→The following Monday we left at 6AM for a trip to Mbouda where we provided medical consultations at the Protestant Hospital of Mbouda under the direction of Dr. Serge Tima. Three providers saw 165 patients. 50 women had breast exams conducted. 20 HIV tests were done with 1 known and 2 new diagnoses.  Fluoride was applied to the teeth of many children.

→Saturday morning, by invitation of the new pastor of the Full Gospel Church, the team provided blood pressure screenings, glucose checks and HIV tests.  The church was holding a 50th anniversary convention and was excited to be able to provide these free screenings to the members of the church and the attendees of the convention.  Raphia, Fatima, Sodetou (the nurse), and Jessica screened about 75 people and recommended doctor visits for follow-ups and tips to help control diabetes and blood pressure.  Afterwards, we were invited to lunch in the pastor’s home.  Similar to their American counterparts, all the men had their eyes glued on the television while Cameroon played “football” against a rival team.

→Monday morning was the start of our Orphan Outreach. All of the orphans met at Ismael’s home (Raphia’s childhood home).  All of the children were sitting anxiously awaiting our arrival.  We started off the morning with name tags – the older children helping the younger ones with writing their names.  The kids introduced themselves and slowly began to warm up to each other.  Every morning the children stood tall and sang the Cameroon National Anthem.  We had art projects and activities along with outdoor activities prepared for the week.  The children were excited to color and draw, paint and create beaded jewelry.   Raphia had each child tell her what they drew when asked to draw “what was important to them.”  Just like children everywhere else in the world, our youth aspired to own cars, be a part of their community and of course, to play “football”.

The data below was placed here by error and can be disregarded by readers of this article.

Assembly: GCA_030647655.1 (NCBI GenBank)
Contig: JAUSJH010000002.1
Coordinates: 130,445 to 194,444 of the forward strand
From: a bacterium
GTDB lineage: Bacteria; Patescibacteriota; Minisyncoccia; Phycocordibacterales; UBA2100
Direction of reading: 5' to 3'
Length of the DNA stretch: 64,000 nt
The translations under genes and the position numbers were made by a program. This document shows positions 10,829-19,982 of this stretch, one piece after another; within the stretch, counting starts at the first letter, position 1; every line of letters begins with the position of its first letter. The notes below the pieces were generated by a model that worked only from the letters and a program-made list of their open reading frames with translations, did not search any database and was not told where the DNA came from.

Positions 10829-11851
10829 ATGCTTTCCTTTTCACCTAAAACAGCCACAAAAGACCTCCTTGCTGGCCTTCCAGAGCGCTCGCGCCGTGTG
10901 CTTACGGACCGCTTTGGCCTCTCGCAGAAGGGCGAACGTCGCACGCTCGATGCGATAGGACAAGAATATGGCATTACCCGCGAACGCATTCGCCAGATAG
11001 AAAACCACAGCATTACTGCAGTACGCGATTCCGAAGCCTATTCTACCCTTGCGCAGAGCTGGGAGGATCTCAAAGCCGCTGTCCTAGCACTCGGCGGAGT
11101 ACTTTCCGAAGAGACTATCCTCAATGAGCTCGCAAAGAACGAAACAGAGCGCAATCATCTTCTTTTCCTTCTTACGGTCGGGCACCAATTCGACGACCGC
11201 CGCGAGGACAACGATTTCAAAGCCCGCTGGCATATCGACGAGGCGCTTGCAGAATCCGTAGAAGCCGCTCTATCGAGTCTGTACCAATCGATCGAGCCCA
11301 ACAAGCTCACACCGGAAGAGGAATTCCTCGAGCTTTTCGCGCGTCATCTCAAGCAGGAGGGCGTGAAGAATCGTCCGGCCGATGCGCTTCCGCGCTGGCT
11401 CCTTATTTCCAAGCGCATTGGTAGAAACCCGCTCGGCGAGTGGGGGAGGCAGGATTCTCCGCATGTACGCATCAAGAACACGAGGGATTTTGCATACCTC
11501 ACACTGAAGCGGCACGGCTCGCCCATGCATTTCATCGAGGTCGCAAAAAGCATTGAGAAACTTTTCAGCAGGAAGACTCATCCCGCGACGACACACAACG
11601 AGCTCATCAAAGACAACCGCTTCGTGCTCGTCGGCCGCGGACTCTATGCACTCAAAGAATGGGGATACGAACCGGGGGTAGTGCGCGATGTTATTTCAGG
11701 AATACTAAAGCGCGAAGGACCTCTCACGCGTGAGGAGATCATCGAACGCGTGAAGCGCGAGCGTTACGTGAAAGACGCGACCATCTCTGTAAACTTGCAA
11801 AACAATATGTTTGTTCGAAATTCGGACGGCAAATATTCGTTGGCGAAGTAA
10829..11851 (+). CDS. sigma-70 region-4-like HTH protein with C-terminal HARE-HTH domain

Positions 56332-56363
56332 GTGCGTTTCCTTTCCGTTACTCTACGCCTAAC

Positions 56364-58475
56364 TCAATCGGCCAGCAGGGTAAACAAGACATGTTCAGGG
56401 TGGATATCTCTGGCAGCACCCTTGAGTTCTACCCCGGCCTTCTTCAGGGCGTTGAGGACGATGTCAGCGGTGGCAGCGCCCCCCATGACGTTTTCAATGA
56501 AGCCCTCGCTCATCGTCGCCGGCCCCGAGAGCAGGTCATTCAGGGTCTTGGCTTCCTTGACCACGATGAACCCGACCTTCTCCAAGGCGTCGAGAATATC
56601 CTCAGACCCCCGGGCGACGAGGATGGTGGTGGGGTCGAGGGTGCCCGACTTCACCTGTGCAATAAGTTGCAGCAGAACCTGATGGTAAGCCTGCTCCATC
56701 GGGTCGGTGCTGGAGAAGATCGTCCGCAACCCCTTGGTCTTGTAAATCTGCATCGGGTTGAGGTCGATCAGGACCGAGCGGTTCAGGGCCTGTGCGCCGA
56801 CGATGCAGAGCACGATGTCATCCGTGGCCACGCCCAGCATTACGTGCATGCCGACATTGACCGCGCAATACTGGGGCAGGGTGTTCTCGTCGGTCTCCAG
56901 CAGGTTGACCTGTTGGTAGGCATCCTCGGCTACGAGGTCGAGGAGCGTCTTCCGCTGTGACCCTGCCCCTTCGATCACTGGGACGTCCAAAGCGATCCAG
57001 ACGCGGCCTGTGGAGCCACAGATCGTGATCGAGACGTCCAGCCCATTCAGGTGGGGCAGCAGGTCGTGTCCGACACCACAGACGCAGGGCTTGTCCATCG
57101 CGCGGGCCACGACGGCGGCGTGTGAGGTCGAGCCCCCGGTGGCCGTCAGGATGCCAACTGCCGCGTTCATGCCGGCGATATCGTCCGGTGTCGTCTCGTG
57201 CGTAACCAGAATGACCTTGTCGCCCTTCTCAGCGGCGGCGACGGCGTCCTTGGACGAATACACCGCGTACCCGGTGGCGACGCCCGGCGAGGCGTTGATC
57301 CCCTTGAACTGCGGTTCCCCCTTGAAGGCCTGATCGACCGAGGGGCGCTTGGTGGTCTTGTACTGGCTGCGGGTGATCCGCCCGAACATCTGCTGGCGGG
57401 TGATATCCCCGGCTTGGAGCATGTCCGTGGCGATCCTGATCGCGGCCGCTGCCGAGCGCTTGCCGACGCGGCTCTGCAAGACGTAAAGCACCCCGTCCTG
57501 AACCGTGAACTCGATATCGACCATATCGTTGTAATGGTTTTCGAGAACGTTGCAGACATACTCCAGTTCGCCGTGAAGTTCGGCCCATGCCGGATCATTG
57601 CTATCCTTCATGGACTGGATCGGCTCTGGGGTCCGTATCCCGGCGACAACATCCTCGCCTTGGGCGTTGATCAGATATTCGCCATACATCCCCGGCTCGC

→The art projects that were completed over the 4 days included making beaded necklaces and bracelets, designing squares to become a part of a quilt, making handprints on pieces of felt to bring home to the sponsors, decorating the bags that were gifts for each child, filled with pens, pencils, & markers, and of course we colored, made paper chains and used yarn to create designs. The sports activities were exciting and fun, and all the neighborhood youth took part.  The older boys grabbed the soccer ball while the remainder of the group played Frisbee, jump-roped, played soccer, and had fun with the parachute.  All of the children loved running under the parachute and shaking it like crazy.  We also can’t forget about the laughter during charades and the fun dance parties with Raphia, Fatima and Sodetou dancing the afternoon away. On Thursday we invited all of the caretakers to lunch.   The group got to take pictures together, receive gifts from the sponsors and give everyone hugs.

→On Friday Raphia, Sodetou, Mohamed and Jessica were invited to go on a Surgical Outreach into the bush by Dr. Bwelle.  Dr. Bwelle works at the government hospital in Yaounde and performs surgery privately in order to be able to provide health care free of charge to villages on weekends that may never have the opportunity to see a doctor.   We traveled in the middle of the night with Dr. Bwelle and his team of 20, including 3 additional surgeons, electricians, a primary school teacher and first-year medical students from Drexel University, to the village, Menkang Two, in the South province of Cameroon. Early in the morning, clinic preparation began and buildings/rooms became the pharmacy, the injection room, consultation stations, an operating room and a lab.  The SHAHICA team set up glucometer and an HIV testing table in the lab.  We checked about 50 glucose levels and completed 20 HIV tests. Dr. Bwelle’s medical outreach provided over 200 consultations including dental and opthamology, as well as completed 30 surgical procedures such as hernia repairs, circumcisions, and the removal of benign tumors.    What little rest we had was in tents the team brought with them.

→In summary, while we didn’t get much rest, we are very grateful to God for the opportunities to touch the lives of so many and to form new relationships along the way.   We are all the more excited regarding the new opportunities ahead that continue to unfold before us, especially the possibility of a SHAHICA Community Day Center.  We are now working hard to raise the funds needed to make such a reality as well as to underwrite another outreach next year.  Thank you for your ongoing support!

Comments are closed.